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Framing a Social Studies Inquiry with a Good Overarching Question

By Kim Marshall, TIE columnist

The article: “Getting Inquiry Design Just Right” by Wayne Journell, Adam Friedman, Emma Thacker, and Paul Fitchett in Social Education, September 2018 (Vol. 82, #4, p. 202-205), no free e-link; the authors can be reached at,,, and
“Social studies is known for answers, but too much content can overwhelm students,” say Wayne Journell (University of North Carolina/ Greensboro), Adam Friedman (Wake Forest University), Emma Thacker (James Madison University), and Paul Fitchett (University of North Carolina/Charlotte) in this article in Social Education. They suggest a better way: crafting classroom inquiries that get at content through questions. Their work draws on the Inquiry Design Model contained in the College, Career, and Civic Life (C3) social studies framework.
The first step in shaping a classroom inquiry is for teachers to identify an overarching, compelling question for a curriculum unit, to grab students’ attention and launch them into making evidence-based arguments. The question should be open-ended and have more than one plausible answer, using the available evidence. Once the overarching question has been framed, teachers develop supporting questions and related tasks that get students gathering evidence, practicing disciplinary skills, and coming up with good answers to the original question, then perhaps taking informed action based on their newfound understanding.
Journell, Friedman, Thacker, and Fitchett looked at dozens of teacher-created inquiries and identified those they considered effective. One example was a high-school civics teacher’s unit starting with the compelling question, Is voting worth the time? This provoked students to voice a range of opinions, and the teacher posed supporting questions around aspects of the Electoral College, the influence of non-governmental entities (political action committees, the media) on the outcome of national elections, and why so many people make the cost-benefit calculation that voting in presidential elections is not a good use of their time. Students then read articles about the Electoral College, the U.S. two-party system, and other documents on voter participation. By the end of the unit, students are able to make well-informed pro and con arguments on the compelling question.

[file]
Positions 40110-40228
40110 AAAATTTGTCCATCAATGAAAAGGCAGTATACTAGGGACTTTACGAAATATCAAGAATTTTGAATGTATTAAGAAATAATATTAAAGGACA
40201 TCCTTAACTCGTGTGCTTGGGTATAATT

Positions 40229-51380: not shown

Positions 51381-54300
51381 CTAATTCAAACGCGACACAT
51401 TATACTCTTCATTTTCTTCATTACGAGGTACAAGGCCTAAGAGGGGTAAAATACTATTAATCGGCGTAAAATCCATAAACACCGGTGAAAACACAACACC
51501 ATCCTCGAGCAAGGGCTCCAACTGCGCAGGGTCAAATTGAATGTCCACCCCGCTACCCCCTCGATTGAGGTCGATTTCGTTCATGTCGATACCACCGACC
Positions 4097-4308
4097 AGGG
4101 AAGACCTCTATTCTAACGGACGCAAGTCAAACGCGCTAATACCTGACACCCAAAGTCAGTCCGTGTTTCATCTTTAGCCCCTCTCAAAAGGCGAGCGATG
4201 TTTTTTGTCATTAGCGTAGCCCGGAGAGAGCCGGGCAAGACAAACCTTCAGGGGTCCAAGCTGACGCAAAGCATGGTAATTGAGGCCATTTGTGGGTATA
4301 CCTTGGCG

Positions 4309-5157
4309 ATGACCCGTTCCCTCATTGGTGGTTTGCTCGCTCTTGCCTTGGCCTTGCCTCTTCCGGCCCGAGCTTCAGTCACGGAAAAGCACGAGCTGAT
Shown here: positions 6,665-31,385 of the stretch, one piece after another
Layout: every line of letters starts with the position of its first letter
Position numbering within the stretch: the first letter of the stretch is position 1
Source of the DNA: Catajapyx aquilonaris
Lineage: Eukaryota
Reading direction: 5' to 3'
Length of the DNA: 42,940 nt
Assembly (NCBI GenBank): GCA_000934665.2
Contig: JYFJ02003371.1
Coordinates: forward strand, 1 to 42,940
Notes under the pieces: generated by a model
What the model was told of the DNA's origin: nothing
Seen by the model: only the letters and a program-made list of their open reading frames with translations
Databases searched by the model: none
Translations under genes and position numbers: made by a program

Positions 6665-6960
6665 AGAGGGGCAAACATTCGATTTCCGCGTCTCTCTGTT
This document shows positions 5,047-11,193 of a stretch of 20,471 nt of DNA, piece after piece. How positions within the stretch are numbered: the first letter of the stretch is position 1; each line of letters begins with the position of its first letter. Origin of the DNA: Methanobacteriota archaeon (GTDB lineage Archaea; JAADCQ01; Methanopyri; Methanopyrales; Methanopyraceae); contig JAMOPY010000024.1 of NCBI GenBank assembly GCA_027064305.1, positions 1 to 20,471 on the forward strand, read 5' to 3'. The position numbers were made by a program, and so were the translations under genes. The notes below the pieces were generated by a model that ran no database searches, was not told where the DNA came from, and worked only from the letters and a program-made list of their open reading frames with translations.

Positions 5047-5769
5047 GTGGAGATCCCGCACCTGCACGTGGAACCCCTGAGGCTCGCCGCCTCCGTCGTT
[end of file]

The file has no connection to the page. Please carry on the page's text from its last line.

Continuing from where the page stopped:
As the researchers looked at history, civics, and economics curriculum units, their most frequent criticism was weak overarching questions and inquiry frames. “Too often,” they say, “the inquiries simply ask students to acquire more knowledge about a topic rather than use evidence to make an argument.” Some examples of less-than-stellar questions:
- What did America learn from the Pax Romana?
- What happens when a state does not follow federal law?
- Who decides how much a toy is worth?
These are interesting questions, but they all have “correct” answers that can be located through a Google search. Students gather factual information but aren’t asked to make an argument by grappling with evidence. “Successful inquiries,” say the researchers, “are both complex and delicate. Interdependent elements in an inquiry blueprint rely on each other; when one part falters, it affects the overall success of the inquiry.” Conversely, a well-framed overarching question almost always produces good follow-up questions, and the rest of the inquiry follows suit.
There are exceptions. The researchers critiqued a history unit whose compelling question was, What makes a good president? A good overarching question, they say – timely, subjective, and potentially of great interest to students. The teacher followed up by having students create a Help Wanted ad for the presidency, with a summary of the job, major duties, and key leadership qualifications, and what problems or issues within the nation a candidate should address in the first 100 days in office. This was also good, say the researchers – a creative way to get students gathering relevant information and thinking about the overarching question. But then the unit went off the rails as the teacher peppered students with questions and activities exclusively about George Washington: too narrow to promote understanding of the compelling question.
“Inquiry design is hard work,” conclude Journell, Friedman, Thacker, and Fitchett, because it “requires that teachers simultaneously balance multiple moving parts. Creating a solid inquiry involves disciplinary understanding as well as an awareness of students’ interests and abilities. In that sense, inquiries are a perfect example of social studies teachers’ pedagogical content knowledge on display.”

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